Saturday, May 18, 2024

Social, economic risks of China’s youth unemployment remain even as rate returns

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Students in China are in school to study, said NBS director Kang Yi, with finding a job not their priority.

“If school students are included in the [16-24] age group, young people looking for part-time jobs at school and young people looking for jobs after graduation will be mixed together, which will not accurately reflect the employment and unemployment situation of young people who enter society and really need to work,” Kang said.

The suspension had raised concerns over the transparency of China’s data, which investors track closely to gauge the real condition of the economy, investment environment and labour market.

However, it is difficult to gauge the adjusted young unemployment data without any historical comparisons, analysts said.

The new statistic grossly undermines the associated social and economic risk of youth unemployment

Louise Loo

“We’ll need to see historical estimates with the new methodology or wait until we get more information to truly glean what’s happening,” said Harry Murphy Cruise, an economist at Moody’s Analytics.

Louise Loo, lead economist at Oxford Economics, estimated that the jobless rate for the 16-24 aged group could have been closer to 25 per cent in December based on the old methodology.

“And to the extent that students are schooling, doing advanced degrees for instance, only because they have failed to find a job, then the new statistic grossly undermines the associated social and economic risk of youth unemployment,” Loo added.

In 2023, among China’s urban population aged 16 to 24, school students accounted for more than 60 per cent, representing nearly 62 million people, while non-school students accounted for more than 30 per cent, or 34 million people, Kang added.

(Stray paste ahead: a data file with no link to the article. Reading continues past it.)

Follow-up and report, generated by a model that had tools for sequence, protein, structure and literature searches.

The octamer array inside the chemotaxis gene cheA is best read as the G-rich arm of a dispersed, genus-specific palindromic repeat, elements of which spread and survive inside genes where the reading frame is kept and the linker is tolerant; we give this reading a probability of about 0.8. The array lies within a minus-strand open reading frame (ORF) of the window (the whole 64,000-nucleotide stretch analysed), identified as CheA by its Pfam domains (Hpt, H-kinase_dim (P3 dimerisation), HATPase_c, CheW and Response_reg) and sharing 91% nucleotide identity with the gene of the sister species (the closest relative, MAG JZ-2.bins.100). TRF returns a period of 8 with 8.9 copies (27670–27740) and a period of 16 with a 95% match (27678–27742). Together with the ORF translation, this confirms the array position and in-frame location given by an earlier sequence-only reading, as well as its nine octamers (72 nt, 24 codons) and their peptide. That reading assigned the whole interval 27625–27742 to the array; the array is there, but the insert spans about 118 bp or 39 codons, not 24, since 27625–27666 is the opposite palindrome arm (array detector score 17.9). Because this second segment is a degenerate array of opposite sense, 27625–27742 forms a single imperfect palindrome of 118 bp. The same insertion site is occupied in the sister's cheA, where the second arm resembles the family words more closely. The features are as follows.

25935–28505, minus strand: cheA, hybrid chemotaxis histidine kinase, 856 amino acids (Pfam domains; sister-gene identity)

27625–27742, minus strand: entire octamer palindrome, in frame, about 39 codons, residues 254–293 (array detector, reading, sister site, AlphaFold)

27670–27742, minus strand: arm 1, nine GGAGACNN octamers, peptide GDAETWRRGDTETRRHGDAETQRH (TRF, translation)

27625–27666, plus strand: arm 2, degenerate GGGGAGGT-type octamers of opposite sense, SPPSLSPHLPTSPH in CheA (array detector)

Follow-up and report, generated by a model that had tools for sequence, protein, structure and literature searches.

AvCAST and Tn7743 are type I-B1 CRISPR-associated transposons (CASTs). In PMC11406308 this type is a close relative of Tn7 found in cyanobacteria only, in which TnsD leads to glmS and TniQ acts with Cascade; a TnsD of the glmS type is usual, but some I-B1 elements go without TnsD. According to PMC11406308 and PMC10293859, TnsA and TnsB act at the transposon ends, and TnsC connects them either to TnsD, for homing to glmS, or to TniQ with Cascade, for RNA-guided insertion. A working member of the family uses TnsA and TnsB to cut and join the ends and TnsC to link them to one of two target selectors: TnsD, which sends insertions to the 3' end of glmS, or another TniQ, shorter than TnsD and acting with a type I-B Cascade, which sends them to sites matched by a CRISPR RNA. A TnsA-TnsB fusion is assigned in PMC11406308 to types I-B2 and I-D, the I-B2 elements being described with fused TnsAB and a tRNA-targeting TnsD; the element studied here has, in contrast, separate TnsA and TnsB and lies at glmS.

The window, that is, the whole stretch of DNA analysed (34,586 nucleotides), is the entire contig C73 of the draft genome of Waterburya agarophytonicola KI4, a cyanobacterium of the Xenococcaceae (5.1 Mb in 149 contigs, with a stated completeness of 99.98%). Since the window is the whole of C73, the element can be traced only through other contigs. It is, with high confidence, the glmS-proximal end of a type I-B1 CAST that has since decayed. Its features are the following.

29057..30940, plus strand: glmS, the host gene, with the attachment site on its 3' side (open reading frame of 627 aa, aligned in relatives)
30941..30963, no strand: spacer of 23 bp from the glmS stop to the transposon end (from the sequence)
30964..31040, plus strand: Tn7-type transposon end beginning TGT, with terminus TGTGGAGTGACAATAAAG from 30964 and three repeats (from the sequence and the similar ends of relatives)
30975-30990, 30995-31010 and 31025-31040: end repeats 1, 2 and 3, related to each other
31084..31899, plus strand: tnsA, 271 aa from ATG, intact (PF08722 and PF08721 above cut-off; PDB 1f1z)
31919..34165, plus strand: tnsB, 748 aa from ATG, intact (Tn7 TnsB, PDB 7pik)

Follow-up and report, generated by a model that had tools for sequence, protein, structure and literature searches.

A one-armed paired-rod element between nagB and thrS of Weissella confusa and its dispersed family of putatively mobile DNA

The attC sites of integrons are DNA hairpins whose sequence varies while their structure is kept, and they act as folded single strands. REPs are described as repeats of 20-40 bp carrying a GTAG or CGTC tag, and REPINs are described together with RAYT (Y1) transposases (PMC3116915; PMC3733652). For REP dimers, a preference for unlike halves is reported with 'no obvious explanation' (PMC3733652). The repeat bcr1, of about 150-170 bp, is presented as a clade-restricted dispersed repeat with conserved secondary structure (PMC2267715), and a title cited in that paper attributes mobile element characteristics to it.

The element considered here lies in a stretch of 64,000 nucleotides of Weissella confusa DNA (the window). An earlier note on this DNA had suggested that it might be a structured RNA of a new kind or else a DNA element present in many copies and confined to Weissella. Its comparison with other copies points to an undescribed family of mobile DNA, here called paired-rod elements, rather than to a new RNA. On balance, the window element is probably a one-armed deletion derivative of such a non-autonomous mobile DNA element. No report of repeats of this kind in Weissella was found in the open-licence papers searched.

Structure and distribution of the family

Amid job market woes, China to add another 11.8 million graduates to workforce

The NBS said school students are those whose objective it is to study, excluding those that are working part-time, although the statistics bureau does not provide a clear definition for non-school students.

A jobless rate for the 25-29 age group has also been added to better reflect the employment situation of China’s university graduates, the NBS said.

“Most young people have just graduated at the age of 24 and are still in the career-selection period. Some people are not employed nor have unstable employment,” statistics bureau chief Kang said.

“By the age of 29, the vast majority of them are over the job-seeking period and their employment situation tends to be stable.”

Overall, China’s urban-unemployment rate in December was 5.1 per cent, well below the full-year control target of 5.5 per cent.

Kang said that pressure would remain on the labour market this year, especially in certain industries and communities, but that there would be more new jobs in the service sector.

“Looking forward to this year, service and consumption will be relatively active, and the growth of the service industry will continue to be one of the main forces driving employment,” Kang added.

China is under pressure to create new jobs amid a set of headwinds that are hampering its economic recovery.

As China’s population ages, a high youth-jobless rate may slow down potential future growth, as well as put pressure on social stability – a key concern for the Chinese government.

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